Monday, June 3, 2013

Stages of blossoming in a magnolia tree, and flower photography aesthetics

Hoping to find subjects signifying the shift toward summer, I did some flower photos today. I'm saving my favorite shot for last, but first, please indulge me as I describe a fifteen minute project that preceded it. On one very large magnolia tree, I was interested to see about half a dozen distinct stages of blossom development - all at the same time. They are posted in the order that I found them, rather than order of development. In fact, these first five shots probably show the reverse of a normal progression. I hope you'll pardon some fanciful nomenclature.

First, we have the lint brush magnolia:

Next, a magnolia pet fur brush:

Here is a party-ready fake nose magnolia:

A soft-serve ice cream cone magnolia:

A candelabra bulb magnolia:

I had to find a different tree to catch a mature, open flower today, although within a very few days some of the children pictured above should be into this stage. I'm hoping to capture some of them in more pristine condition than this one:

On from the magnolias to day lilies. Photographing flowers and hoping for a little more than a record or identification shot calls for some use of imagination. I like to try to spot inherently beautiful specimens, but more important factors, for me, are finding attractive light, a complementary background, and just the right perspective and framing. Often it is difficult to make all of these things happen within one image. These are just quick attempts, but like most forms of practice, photo sketches can help to sharpen one's skills. Occasionally an image of this sort will even compete with carefully completed photographs, though that should not be an expectation for a typical outcome.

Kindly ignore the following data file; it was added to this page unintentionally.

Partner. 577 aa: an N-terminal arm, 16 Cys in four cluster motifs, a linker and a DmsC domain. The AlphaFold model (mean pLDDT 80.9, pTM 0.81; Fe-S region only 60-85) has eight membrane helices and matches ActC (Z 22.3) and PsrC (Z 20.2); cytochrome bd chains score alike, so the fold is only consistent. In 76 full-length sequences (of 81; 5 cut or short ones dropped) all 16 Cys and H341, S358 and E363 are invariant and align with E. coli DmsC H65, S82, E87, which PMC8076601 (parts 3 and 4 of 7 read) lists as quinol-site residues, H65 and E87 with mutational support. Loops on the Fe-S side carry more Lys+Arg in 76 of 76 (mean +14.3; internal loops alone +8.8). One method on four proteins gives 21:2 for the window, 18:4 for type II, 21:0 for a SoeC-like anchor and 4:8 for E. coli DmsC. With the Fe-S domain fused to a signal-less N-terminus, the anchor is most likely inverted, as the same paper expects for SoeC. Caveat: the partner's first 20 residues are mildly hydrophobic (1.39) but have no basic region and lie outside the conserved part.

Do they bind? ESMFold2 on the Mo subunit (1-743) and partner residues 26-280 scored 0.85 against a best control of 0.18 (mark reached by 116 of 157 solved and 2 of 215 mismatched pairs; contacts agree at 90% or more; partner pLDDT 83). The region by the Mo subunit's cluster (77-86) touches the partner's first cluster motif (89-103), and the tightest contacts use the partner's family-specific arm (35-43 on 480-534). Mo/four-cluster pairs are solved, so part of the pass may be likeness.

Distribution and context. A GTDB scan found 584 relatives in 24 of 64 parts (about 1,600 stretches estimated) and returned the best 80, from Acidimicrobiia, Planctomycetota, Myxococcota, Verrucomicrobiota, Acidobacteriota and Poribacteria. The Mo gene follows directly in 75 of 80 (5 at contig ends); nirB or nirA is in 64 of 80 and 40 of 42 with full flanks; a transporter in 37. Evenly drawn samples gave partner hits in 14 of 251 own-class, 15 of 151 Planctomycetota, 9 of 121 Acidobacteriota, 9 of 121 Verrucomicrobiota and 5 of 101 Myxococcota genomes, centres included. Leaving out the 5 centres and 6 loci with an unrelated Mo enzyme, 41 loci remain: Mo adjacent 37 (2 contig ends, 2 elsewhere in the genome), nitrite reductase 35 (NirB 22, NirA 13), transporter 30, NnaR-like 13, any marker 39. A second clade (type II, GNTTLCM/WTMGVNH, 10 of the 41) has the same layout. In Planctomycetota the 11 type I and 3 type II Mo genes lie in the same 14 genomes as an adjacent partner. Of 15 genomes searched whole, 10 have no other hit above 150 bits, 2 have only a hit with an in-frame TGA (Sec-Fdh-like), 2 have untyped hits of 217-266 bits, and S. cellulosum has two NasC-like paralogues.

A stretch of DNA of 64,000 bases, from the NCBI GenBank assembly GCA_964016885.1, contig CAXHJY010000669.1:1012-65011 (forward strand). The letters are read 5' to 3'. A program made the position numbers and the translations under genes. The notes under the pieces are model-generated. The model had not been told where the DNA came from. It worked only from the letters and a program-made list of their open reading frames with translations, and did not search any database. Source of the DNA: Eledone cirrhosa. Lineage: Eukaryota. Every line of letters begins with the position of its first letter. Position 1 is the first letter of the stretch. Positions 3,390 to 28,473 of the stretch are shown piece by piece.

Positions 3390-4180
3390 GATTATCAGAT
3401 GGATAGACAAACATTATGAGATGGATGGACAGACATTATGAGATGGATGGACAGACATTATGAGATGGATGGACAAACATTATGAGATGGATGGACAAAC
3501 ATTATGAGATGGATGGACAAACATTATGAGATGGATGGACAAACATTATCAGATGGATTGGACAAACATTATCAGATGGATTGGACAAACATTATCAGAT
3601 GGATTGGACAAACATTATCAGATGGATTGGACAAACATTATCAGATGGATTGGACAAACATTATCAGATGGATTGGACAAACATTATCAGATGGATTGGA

I like the way these different colored hydrangeas are arranged as if they hybridized on the spot.

This last is my favorite composition of the day. Although it's not a new approach by any means (I've played with this type of color contrast and foreground-background separation often enough before), it worked for me in a way that seems effective without being forced. I hope other viewers will have a similar reaction, but of course I want to know what you think.

All of the photos today were shot with a Canon 70-200 mm f/4L IS lens. For nine of the ten I zoomed to 200 mm. The penultimate shot (sharply focused hydrangea flowers and leaves) was done at 85 mm.



  1. What a wonderful selection of photos,with commentary that adds interest! I am eager to see the magnolia buds when they bloom.
    Are you in the range of the 17-year cicadas? I think you may be, and should have a field day when they appear, (pun intended!)

    1. Thank you! I've photographed some of the mature magnolias now, here:
      I haven't encountered any cicadas yet, but will be on the watch!


You may comment anonymously if you wish. Comments are moderated. Spam will be blocked or removed.